Two WNBA titles part of Cooper's legacy

Updated: July 7, 2004, 1:49 AM ET
Associated Press

EL SEGUNDO, Calif. -- Michael Cooper, who coached the Los Angeles Sparks to two WNBA championships, is leaving to become an assistant coach with the NBA's Denver Nuggets.

Nuggets spokesman Eric Sebastian confirmed Tuesday that Cooper, a former standout player and assistant coach with the Los Angeles Lakers, will fill one of two vacancies on the coaching staff. T.R. Dunn left to join the Sacramento Kings and John MacLeod resigned to check out head-coaching opportunities.

Cooper, who also starred at New Mexico and lived for a time in Corrales, N.M., will coach the Sparks in their three games this week before leaving the job in the hands of assistants Karleen Thompson and Ryan Weisenberg.

"The success we've had with the Sparks has led to this opportunity," Cooper said. "This is a great opportunity for me. The timing is just right. To come back [to the NBA] is very gratifying for me."

Cooper played for the Lakers for 11 seasons before retiring in 1990 and was a member of five NBA championship teams. He joined the Sparks as an assistant coach in 1999 and took over as head coach the next season.

The Sparks are 11-6 this season and 116-31 overall under Cooper. They won championships in 2001-2002 and lost to Detroit in the WNBA Finals last year.

"It's tough -- very, very tough. I leave with sad, sad feelings," he said. "I believe in timing in my life. Everything happens for a reason. I'm just looking forward to the challenge of working with the Denver Nuggets."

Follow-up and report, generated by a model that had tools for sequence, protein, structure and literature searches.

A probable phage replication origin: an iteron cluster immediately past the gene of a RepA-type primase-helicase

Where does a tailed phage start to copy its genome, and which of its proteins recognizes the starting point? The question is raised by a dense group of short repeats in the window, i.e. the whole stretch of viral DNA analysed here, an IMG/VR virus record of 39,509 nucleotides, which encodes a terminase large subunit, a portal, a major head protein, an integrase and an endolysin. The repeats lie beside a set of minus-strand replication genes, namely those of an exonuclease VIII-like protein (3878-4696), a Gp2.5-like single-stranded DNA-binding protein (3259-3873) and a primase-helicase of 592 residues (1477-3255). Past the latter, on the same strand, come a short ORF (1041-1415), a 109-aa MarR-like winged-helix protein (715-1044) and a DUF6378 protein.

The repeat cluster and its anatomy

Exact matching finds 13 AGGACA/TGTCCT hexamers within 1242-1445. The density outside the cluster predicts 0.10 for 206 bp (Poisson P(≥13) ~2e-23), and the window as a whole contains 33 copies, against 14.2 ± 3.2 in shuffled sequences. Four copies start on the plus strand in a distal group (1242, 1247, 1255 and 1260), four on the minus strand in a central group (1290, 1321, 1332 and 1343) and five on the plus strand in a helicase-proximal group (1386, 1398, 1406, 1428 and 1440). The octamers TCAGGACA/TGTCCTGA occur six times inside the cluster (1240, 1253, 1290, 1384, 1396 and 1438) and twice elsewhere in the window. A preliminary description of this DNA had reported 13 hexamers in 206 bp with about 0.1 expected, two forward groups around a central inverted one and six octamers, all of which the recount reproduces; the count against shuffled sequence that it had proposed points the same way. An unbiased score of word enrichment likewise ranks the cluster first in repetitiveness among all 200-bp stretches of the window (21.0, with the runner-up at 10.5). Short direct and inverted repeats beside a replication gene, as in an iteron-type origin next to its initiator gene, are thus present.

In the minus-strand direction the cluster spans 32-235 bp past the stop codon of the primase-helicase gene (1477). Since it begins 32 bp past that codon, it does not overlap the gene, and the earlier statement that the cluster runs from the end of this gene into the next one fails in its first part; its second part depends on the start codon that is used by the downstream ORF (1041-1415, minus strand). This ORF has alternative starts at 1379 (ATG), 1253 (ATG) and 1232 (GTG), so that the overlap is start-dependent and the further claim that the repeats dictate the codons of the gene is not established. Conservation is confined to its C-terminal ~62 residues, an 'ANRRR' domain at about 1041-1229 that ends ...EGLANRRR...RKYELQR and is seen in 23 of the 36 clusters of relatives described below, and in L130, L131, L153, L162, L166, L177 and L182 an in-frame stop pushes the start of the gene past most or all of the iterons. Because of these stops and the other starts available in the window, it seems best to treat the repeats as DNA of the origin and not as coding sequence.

Nuggets GM Kiki Vandeweghe said Coper is a perfect fit.

"We're overjoyed to be able to add someone of Michael's stature to our coaching staff." Vandeweghe said. "He was a hard-nosed defender as a player and he has won championships everywhere he has been."

Cooper said he hoped to become an NBA head coach someday.

"I have really mixed emotions," Sparks star Lisa Leslie said. "I'm really excited for coach Cooper. It's a great opportunity for him. He's very knowledgeable about the game. He can truly help a player take it to the next level as he has with me.

"Everything he's brought to us will truly be missed. I think off the court is where he'll be even more missed."

Nikki Teasley, in her third season with the Sparks, was in tears upon hearing the news.

"He's more than just a coach to all the women, he's a father figure to many of us," she said. "He made me the player I am today. I'm happy for him, but sad for the team and myself.

"He's the best coach I've ever played for -- he's taught me so much. He deserves a chance to be an NBA coach."


Copyright 2004 by The Associated Press